This passage from Meet the Press (10/14/12) says a lot about how middle-of-the-road elite journalists think about fiscal issues.
BROKAW: I was just going to say, I talked to a lot of major business leaders who want Romney to get elected, but almost to a man and a woman, they say, "But you know what, we're going to have to pay some more taxes in our category." What they want to do, however, is to benchmark them against spending cuts, so that they can get spending down to 20 percent of GDP. There's going to have to be a combination, in their judgment. And these are private business leaders who run big companies, and entrepreneurial people. And to a man and a woman, they were saying, "I can afford to pay a little more if I think it's going to go for the right formulation about getting spending and tax revenue back in line."…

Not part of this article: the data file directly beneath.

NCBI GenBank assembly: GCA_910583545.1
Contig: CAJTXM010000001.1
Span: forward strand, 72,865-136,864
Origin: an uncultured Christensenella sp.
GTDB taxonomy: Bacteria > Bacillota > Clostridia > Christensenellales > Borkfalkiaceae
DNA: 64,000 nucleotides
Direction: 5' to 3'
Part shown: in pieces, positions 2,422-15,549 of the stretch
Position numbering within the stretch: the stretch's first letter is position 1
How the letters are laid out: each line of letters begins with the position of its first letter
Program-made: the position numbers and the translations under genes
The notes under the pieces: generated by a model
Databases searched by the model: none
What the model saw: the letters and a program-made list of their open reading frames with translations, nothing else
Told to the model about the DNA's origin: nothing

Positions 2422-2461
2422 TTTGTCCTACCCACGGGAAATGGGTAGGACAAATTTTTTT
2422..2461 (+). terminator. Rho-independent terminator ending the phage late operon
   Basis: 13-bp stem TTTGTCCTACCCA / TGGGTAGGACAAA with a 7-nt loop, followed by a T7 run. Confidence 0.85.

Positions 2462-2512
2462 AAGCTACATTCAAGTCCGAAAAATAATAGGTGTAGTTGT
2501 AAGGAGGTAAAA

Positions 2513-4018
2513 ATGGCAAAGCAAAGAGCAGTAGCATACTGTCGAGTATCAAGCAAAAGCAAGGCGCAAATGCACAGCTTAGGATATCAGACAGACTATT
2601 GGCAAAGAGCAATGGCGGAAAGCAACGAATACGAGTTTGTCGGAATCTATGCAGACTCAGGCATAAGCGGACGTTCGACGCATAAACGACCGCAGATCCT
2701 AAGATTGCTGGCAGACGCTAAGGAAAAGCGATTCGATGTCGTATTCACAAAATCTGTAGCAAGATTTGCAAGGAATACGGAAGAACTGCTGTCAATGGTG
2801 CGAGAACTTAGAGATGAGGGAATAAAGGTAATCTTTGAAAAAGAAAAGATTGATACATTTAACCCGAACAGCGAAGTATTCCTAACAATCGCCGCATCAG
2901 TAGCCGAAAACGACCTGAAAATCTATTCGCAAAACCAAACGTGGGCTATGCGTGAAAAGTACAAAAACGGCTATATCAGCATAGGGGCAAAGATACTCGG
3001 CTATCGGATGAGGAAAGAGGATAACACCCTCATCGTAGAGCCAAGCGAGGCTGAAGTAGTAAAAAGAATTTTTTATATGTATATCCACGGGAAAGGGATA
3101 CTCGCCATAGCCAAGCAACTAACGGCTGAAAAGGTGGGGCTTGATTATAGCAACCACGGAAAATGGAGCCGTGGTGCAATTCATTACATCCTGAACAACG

GREGORY: They're not burdened by these ideological fights. Often they'll say, "Look, we don't care."
So Brokaw's CEO pals, who just so happen to be Romney supporters, endorse a plan to cap government spending at exactly the same level–20 percent of GDP–that the Romney campaign is proposing.
But as an op-ed by Steven Rattner argues in the New York Times today (10/15/12), this is a remarkably radical concept. Given his call for a dramatic increase in military spending, Romney would need to cut the rest of the budget (non-healthcare, non-military) by 40 percent to meet this arbitrary target.
To Beltway journalists like Brokaw and Gregory, wealthy CEOs aren't ideological–they just want the government to get its affairs in order. And the way you do that, apparently, is by cutting spending that will surely hurt the poor more than anyone else. But at least they're not getting all "ideological" about it.